Value of Microchips in Horses

Regardless of the natural disaster, horses often get lost in the shuffle of catastrophe. If a horse has a microchip, it can not only save them, but return them to their owners once the dust clears.
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Regardless of the natural disaster, horses often get lost in the shuffle of catastrophe. If a horse has a microchip, it can not only save them, but return them to their owners once the dust clears.

Hurricane Katrina taught us a great lesson in terms of the value of permanent identification of our horses. Hundreds of horses were displaced, and all but two were returned safely, primarily due to the large number of Louisiana horses that have a microchip (a microscopic chip with unique identification number embedded under the horse's skin; if a horse that has a microchip becomes lost, the rescuing agency will scan the microchip, retrieve the information, and reunite horse and owner).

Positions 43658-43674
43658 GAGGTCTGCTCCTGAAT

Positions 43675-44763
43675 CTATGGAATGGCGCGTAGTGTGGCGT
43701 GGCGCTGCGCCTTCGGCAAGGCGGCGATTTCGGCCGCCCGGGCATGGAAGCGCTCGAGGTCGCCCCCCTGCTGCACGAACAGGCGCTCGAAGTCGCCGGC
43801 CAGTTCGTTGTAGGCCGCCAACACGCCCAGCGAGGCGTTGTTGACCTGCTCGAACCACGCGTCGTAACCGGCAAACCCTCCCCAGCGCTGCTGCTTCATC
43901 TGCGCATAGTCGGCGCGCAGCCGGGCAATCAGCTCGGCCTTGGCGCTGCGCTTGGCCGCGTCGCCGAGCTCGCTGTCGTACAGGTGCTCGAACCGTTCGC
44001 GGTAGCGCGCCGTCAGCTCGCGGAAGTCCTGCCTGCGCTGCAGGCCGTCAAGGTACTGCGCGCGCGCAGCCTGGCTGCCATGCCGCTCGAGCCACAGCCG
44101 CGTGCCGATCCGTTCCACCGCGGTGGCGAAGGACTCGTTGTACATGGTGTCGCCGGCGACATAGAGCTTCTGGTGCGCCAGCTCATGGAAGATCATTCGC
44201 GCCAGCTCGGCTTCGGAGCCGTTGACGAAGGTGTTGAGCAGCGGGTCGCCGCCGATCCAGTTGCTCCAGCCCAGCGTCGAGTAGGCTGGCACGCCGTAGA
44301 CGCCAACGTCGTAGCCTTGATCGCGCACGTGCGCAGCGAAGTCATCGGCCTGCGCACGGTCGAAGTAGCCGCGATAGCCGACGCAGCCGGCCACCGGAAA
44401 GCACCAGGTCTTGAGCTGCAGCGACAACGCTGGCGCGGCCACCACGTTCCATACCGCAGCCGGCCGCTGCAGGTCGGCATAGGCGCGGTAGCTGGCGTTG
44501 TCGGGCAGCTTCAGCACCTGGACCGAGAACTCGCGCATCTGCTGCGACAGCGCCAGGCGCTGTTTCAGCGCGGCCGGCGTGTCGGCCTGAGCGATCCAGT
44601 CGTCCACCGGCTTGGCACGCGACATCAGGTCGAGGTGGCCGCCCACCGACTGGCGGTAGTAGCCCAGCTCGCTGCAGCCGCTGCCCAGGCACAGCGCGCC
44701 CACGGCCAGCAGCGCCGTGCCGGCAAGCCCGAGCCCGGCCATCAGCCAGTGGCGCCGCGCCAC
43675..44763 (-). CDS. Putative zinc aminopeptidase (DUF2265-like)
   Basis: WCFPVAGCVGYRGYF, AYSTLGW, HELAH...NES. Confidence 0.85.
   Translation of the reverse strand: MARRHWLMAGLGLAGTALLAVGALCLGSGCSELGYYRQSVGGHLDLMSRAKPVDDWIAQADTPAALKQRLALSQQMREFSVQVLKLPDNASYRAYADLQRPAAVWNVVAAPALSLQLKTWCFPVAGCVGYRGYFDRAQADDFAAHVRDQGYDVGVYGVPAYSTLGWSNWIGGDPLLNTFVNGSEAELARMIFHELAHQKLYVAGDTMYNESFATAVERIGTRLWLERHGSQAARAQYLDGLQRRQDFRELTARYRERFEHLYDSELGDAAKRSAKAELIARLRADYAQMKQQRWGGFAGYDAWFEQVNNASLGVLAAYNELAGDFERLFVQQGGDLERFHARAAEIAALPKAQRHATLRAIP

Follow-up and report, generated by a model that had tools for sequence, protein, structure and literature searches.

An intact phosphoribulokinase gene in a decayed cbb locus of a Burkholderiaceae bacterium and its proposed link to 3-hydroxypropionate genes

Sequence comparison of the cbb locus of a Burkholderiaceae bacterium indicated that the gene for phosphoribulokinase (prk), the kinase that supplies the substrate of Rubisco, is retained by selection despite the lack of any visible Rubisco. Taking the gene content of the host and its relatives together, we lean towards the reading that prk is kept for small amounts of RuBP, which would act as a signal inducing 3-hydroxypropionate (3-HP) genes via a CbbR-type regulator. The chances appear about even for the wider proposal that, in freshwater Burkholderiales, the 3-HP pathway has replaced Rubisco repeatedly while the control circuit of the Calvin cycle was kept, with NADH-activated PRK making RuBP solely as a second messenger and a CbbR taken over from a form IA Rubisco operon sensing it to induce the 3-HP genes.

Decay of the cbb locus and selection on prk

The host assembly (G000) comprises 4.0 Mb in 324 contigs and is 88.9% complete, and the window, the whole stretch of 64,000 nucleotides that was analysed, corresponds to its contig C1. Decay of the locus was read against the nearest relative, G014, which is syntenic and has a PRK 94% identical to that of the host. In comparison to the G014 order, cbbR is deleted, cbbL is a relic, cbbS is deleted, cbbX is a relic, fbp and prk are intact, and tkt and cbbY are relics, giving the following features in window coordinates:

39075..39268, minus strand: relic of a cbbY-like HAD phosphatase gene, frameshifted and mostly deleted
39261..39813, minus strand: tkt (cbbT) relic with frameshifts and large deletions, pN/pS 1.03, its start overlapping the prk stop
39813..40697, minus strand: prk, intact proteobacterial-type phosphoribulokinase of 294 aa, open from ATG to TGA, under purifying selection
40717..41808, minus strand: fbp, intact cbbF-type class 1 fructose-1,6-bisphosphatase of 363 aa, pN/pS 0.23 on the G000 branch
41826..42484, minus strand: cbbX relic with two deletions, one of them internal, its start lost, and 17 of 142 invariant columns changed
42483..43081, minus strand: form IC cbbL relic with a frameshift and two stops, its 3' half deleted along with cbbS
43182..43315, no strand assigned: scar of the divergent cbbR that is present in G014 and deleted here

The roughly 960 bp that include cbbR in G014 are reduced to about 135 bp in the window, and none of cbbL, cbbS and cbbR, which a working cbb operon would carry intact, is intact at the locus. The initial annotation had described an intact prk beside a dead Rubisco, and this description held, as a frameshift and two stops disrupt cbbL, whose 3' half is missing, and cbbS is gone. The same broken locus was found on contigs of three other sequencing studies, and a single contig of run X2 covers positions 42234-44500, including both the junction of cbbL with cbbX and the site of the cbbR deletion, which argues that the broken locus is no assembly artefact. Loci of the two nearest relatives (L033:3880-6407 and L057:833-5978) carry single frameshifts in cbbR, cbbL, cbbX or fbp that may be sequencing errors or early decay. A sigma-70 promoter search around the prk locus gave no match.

In Louisiana, a horse must have positive identification to get Coggins papers (showing he's negative for equine infectious anemia), as well as a Certificate of Veterinary Inspection; most have chips.

Ask your veterinarian about chipping your horse. Eventually, all chips and scanners will be compatible. In the meantime, I suggest getting a 125kHz microchip, as there are far more scanners for that chip type than any other, increasing the chance of recovering your horse.